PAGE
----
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rendez-vous should be at Halifax, and that we should all sail together, and I am in hopes if it be possible to be accomplished, without adding greatly to the expense it will be done, for we have some thoughts of putting into the public papers of this Province and that of New Brunswick, a paragraph stating that vessels will be ready to sail from this place on such a day to receive on board all Free Blacks of a certain description who will be able to bring the desired certificate and that an equitable allowance will be made to such Captains of vessels who will give them a passage; you must understand that this advertisement is to he from the Governor- 

  It will be impossible for me to see every person that may go with me because I should not have time to visit half the places were I to set off tomorrow, and my presence will be absolutely necessary in Halifax to superintend the whole collected there and to see that the ships are properly equipped for the voyage, so that many may receive Certificates, that probably will not be deserving but I shall act accordingly and take care to write to the respectable people, in the neighborhood of the place that are likely to send many to caution them in giving certificates to improper persons-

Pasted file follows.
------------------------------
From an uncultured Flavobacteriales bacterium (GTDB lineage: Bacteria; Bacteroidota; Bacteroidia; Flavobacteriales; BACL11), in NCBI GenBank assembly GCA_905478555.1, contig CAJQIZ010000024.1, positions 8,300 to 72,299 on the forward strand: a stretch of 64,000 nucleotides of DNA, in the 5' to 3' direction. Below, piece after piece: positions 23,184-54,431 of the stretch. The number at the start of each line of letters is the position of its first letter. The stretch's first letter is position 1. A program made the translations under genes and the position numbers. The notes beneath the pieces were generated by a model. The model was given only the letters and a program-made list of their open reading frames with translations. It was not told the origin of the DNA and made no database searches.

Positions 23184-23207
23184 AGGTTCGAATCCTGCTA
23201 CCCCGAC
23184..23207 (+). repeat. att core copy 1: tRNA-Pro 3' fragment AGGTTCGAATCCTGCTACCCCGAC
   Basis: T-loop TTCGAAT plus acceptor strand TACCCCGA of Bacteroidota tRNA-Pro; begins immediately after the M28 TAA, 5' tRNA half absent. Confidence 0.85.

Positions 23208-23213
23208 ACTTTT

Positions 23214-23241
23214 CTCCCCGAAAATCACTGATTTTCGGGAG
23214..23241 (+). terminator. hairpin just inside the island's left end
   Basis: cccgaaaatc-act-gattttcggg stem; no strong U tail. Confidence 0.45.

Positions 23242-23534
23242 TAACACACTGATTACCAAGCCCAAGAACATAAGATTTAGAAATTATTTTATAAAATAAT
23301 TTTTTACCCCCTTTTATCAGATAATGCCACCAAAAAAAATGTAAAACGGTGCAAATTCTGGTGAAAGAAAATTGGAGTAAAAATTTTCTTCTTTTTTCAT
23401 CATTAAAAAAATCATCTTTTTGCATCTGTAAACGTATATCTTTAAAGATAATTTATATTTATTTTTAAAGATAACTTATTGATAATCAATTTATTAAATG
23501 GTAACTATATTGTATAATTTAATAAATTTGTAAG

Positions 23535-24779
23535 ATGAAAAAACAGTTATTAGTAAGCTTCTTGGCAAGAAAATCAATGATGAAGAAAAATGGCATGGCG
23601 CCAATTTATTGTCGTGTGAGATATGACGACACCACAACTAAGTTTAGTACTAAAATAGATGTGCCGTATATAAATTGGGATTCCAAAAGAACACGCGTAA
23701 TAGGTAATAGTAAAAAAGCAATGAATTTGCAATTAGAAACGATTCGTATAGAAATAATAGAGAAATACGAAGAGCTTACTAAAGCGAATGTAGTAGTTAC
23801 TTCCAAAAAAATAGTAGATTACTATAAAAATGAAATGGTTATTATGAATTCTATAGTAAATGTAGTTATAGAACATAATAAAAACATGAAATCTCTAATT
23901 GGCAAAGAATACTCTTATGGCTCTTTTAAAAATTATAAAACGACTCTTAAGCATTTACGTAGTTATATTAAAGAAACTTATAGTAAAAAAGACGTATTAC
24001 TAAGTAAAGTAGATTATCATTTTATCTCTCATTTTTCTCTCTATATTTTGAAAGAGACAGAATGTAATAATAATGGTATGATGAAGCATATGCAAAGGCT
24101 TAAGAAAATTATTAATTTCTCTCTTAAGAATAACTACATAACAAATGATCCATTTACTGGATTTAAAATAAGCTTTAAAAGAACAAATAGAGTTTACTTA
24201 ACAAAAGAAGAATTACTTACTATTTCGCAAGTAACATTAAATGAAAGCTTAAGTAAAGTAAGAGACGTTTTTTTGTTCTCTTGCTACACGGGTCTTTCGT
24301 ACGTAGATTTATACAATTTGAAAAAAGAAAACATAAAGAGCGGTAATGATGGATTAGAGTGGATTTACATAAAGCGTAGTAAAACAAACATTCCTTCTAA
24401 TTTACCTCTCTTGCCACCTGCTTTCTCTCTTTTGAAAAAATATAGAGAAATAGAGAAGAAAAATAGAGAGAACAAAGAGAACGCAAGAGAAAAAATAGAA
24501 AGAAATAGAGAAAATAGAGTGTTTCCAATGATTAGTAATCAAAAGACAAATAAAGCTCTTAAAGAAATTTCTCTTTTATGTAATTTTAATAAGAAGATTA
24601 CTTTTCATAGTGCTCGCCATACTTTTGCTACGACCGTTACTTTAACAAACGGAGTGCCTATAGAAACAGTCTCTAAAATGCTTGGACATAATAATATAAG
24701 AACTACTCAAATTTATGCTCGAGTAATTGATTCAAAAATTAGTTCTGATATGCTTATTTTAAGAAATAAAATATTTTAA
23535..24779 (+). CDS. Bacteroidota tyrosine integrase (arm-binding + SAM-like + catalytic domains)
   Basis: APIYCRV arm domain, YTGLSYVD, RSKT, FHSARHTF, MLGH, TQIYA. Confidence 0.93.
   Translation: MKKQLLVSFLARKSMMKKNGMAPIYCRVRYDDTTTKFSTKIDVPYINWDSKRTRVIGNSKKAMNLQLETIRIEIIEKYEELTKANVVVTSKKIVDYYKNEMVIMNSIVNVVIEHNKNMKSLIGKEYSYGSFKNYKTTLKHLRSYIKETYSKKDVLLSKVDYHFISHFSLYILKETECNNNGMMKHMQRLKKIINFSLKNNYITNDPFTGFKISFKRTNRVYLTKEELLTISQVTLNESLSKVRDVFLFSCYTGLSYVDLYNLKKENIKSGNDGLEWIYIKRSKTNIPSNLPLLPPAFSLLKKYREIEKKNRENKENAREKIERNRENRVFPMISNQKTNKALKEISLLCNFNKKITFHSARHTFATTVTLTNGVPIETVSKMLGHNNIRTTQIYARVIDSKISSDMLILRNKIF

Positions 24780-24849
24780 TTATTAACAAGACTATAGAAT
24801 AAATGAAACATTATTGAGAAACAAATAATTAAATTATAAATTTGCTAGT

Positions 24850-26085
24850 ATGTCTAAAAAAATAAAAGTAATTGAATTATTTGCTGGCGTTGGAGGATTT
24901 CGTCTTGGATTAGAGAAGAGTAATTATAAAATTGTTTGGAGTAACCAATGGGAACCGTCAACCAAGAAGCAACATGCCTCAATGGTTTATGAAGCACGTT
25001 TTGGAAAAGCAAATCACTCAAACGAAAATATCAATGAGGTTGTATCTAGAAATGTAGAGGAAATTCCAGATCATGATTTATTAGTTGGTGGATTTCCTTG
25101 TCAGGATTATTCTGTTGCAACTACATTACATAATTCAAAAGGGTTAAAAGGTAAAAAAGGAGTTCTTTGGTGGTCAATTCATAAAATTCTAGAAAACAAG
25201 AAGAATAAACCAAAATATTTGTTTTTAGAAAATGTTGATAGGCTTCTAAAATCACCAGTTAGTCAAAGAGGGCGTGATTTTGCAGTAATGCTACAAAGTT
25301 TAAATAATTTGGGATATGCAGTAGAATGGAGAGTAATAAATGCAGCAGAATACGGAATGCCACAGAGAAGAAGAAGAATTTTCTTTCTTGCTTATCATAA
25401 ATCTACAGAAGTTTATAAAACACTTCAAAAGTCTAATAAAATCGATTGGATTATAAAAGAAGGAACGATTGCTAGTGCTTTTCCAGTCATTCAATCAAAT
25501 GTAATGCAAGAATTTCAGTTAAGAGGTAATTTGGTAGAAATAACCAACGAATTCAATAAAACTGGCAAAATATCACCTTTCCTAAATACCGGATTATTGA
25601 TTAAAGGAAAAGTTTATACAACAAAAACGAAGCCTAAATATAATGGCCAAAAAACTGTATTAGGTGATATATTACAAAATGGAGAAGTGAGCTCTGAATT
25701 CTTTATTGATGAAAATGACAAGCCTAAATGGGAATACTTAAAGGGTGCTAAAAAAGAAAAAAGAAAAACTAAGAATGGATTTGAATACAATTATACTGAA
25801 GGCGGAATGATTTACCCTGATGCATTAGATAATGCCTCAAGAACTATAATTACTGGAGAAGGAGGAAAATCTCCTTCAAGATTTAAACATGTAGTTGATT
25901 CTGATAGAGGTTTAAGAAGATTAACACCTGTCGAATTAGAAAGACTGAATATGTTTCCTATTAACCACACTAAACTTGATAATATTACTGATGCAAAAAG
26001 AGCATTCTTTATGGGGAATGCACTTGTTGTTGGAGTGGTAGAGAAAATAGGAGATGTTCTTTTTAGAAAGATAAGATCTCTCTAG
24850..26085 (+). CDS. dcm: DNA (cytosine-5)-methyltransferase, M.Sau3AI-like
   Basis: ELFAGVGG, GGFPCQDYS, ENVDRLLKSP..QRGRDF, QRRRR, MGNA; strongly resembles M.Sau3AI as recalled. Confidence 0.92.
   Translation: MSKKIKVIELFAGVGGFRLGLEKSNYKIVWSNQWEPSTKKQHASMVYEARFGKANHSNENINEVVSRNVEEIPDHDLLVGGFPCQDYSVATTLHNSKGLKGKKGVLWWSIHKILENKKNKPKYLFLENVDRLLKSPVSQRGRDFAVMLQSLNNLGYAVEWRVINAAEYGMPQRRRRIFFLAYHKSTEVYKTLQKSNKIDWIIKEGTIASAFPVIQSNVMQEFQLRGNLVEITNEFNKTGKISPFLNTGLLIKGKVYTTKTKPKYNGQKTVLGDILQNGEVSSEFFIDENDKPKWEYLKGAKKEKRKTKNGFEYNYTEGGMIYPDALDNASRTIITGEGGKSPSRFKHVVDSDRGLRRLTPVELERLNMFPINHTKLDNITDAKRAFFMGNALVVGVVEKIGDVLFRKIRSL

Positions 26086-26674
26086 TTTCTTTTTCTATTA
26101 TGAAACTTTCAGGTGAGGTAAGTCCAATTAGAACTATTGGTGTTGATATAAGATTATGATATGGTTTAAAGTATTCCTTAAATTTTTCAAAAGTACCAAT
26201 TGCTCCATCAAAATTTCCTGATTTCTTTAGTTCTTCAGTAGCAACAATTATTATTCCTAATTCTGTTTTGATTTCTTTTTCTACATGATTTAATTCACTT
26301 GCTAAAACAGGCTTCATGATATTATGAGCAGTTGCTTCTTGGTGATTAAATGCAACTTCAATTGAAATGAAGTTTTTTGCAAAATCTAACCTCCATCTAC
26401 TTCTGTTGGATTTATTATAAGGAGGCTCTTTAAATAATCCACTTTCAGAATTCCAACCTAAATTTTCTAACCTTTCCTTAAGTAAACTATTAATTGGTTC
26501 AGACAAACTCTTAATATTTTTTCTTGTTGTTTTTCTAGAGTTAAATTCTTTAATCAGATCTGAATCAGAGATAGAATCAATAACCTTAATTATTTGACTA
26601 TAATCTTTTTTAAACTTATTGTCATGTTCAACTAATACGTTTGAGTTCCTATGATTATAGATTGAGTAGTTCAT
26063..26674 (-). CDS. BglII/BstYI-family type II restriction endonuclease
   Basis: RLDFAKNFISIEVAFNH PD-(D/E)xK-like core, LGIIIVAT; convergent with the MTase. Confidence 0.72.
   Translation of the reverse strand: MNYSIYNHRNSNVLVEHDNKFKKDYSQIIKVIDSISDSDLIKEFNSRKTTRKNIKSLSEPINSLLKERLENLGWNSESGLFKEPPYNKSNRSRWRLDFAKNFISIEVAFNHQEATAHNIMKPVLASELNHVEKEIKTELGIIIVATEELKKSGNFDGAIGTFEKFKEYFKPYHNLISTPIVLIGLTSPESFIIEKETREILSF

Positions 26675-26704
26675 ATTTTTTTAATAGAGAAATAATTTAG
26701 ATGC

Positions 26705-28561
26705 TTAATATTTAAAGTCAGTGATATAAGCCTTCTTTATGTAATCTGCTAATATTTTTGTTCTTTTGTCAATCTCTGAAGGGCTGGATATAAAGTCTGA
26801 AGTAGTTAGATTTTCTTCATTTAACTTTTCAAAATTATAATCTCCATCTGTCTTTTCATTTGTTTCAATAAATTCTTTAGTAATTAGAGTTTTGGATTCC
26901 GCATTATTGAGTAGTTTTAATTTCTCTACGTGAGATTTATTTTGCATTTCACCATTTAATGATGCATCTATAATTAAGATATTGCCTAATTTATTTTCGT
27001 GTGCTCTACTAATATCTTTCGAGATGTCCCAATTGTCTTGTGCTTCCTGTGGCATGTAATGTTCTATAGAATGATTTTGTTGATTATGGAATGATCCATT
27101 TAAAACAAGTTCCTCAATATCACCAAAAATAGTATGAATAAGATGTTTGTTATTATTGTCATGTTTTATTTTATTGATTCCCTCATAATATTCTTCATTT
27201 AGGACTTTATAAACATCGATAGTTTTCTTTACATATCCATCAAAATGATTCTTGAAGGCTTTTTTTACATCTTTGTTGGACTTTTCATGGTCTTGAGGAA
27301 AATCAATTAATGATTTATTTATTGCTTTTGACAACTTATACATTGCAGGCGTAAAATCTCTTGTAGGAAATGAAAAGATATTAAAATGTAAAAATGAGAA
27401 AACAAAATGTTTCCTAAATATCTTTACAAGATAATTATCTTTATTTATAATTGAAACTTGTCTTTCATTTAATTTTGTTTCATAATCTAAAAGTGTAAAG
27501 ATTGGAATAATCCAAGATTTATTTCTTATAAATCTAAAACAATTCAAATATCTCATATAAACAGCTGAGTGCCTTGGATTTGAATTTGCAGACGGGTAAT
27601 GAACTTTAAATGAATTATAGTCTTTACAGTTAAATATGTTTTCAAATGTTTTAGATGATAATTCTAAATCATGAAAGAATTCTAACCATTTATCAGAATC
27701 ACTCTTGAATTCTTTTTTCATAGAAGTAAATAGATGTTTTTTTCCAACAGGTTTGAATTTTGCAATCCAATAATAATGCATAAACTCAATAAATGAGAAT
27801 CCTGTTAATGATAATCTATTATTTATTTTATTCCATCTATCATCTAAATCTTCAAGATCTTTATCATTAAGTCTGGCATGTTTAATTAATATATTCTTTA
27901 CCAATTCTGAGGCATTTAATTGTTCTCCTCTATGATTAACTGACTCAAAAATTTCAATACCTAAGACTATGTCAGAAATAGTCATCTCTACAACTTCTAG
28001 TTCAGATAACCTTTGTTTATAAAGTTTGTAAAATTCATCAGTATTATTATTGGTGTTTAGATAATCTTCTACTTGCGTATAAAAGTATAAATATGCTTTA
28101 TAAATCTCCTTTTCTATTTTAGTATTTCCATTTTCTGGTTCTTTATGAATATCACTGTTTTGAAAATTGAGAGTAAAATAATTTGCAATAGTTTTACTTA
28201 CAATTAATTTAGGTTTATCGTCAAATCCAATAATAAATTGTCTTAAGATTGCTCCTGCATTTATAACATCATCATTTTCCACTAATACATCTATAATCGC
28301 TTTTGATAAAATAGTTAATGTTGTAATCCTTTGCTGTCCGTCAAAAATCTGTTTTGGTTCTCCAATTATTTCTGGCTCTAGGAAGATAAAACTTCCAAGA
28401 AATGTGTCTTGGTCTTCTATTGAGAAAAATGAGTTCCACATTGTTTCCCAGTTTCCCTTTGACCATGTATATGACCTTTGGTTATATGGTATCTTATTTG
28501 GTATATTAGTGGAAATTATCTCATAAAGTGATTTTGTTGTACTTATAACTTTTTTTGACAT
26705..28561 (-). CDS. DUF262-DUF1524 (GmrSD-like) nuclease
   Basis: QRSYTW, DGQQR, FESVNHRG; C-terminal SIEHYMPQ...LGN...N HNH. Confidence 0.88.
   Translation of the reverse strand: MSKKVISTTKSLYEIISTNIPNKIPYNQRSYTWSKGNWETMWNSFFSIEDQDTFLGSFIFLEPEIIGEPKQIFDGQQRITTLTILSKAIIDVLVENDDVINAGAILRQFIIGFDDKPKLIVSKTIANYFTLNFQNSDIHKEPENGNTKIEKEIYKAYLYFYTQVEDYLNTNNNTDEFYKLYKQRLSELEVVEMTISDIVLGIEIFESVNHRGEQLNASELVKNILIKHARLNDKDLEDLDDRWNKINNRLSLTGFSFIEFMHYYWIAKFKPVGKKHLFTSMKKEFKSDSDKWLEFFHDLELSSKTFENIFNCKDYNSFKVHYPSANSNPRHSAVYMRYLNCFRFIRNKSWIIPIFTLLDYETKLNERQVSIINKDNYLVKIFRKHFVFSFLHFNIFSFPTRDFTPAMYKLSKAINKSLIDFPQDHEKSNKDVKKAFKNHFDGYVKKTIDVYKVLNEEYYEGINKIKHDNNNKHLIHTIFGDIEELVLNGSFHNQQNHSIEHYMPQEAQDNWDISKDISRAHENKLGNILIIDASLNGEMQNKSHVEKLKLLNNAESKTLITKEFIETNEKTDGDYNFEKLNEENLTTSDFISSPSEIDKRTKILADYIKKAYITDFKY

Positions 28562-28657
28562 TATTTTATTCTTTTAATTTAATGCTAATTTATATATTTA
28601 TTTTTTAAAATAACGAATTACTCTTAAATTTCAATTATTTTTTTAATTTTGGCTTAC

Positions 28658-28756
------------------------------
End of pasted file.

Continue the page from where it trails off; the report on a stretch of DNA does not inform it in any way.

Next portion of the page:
If we should be able to accomplish our wishes in sailing together I shall be very happy, as I feel myself much interested in the welfare of these oppressed people; indeed I never viewed the business I have undertaken to perform, with that degree of awe, that I do at this moment. I am fearful when in the company of these unfortunate men of opening my mouth, lest a word should be misconstrued, which might occasion their acceptance or refusal of the Company's offers, not but I am fully convinced, that those who do accept will be by far more happy than those who refuse, but still the future happiness or misery of a human being may depend upon their answer.

 I have desired all those who say they wish to go with me, to consider and reflect upon the change they are about to make, and if they should make up their minds to attend me for a certainty, that they must from that moment look up to me as their guardian and Protector, and in return I shall expect their obedience and good behavior; and I hope from what I have seen of them already, I shall have but little to fear from their not conducting themselves agreeably to my wishes-